LEGO Retrospective a great exercise for your Retrospective
A quite nice exercise that can be used in Agile Retrospectives is the LEGO Retrospective. Normally team members are enjoying this playful technique as they are joining a totally new creative space where they will define their improvements on an abstract layer.
What you can expect to get out of this exercise
The LEGO Retrospective helps teams to express their thoughts in a playful way. While you are doing this exercise you jump out of the rules of ordinary life and replace them with the rules of this game. Most members might have played LEGO® when they were kids, so motivation level normally is very high. Therefore even introvert team members who tend to speak very little have a chance to express themselves.
When you would use this exercise
If you have never been a facilitator of a retrospective before then this exercise is an easy way to start. This technique can vary from time to time, which makes it suitable in many situations.
How to do it
Before you start, get sure you have sufficient LEGO® Bricks at hand. The amount of bricks depend on the team size.
As the LEGO retrospective is a very creative exercise you should create an alternative world, a model world where team members don’t feel like in their daily environment. You should definitely change to create place. Music in the background can help to create the space even more comfortable.
Then get all team members on board by getting the agreement to the rules of that new space. The prime directive can help you by getting this agreement. As in every retrospective team members should feel and know that this round is a safe place to share opinions and thoughts although it might be risky or uncomfortable.
Now tell all team members to sit down in a circle and spread all LEGO® bricks in the middle. Start the first round by asking them:
Create a figure out of the bricks that reflects the last sprint.
Make them clear that there are no limits and that they can use as much bricks as they want. As all characters in a team are different, some members will take longer than others. Give everybody the chance to finish their first figure. Once everybody finished, give everybody to chance to tell something about his figure. Let them start doing small discussions in order to find out what exactly are the worries.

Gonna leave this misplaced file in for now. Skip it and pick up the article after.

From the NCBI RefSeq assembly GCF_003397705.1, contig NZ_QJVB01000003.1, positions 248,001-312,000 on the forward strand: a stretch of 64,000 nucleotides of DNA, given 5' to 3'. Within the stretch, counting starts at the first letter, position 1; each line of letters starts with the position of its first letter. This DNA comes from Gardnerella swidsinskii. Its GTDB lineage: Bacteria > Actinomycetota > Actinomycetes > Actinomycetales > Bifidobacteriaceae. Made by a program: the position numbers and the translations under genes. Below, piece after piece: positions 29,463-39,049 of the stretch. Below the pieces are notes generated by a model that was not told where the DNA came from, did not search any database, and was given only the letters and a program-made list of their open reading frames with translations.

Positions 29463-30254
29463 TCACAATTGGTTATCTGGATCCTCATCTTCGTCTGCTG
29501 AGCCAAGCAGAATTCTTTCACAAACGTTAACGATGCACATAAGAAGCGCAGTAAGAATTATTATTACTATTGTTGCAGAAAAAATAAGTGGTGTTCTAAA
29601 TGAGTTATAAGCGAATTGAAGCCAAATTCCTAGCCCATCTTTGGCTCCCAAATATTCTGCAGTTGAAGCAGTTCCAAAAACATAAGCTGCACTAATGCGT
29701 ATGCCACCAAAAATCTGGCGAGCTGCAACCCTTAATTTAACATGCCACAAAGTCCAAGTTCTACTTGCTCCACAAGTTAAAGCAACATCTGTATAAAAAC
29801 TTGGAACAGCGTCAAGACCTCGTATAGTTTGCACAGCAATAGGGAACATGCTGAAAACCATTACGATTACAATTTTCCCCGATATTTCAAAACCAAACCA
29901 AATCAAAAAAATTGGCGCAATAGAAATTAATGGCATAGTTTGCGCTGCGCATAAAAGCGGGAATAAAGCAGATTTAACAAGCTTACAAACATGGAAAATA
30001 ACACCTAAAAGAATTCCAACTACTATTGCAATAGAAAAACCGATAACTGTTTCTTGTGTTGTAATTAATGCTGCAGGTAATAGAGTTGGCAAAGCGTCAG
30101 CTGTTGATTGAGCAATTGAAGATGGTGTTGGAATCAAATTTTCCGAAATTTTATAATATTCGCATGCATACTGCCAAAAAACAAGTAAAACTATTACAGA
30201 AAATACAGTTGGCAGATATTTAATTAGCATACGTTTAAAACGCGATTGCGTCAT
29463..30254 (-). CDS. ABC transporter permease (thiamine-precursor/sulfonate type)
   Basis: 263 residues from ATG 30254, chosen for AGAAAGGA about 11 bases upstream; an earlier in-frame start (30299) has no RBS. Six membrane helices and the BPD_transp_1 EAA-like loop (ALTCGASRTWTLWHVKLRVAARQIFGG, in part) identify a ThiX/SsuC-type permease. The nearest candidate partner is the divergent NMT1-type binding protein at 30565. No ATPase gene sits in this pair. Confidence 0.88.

After this round, start the second round by asking them:
Create a figure out of LEGO® bricks that represents the next important step for the team in order to get better
Make everybody clear that this is a solution-based question! It’s not about what went wrong – So team members should think about a solution – Therefore, this session might take a little bit longer.
After everybody finished his figure let everybody talk about it. As a facilitator you should keep track on all information. Create Post-It’s and make them part of the environment by putting them on a wall.
Finally, it’s important to deal with the issues that where brought up. Focus the team now on the Post’It’s you wrote down and ask them what they want to do. If there are too many different points, let them make a dot-voting in order to focus on the most important issue. The team members have to leave to room feeling that they have a concrete action point they want to tackle.
With a little imagination, this exercise can be applied to remote team members also by telling them to draw a picture on a white paper instead of creating a LEGO® figure.
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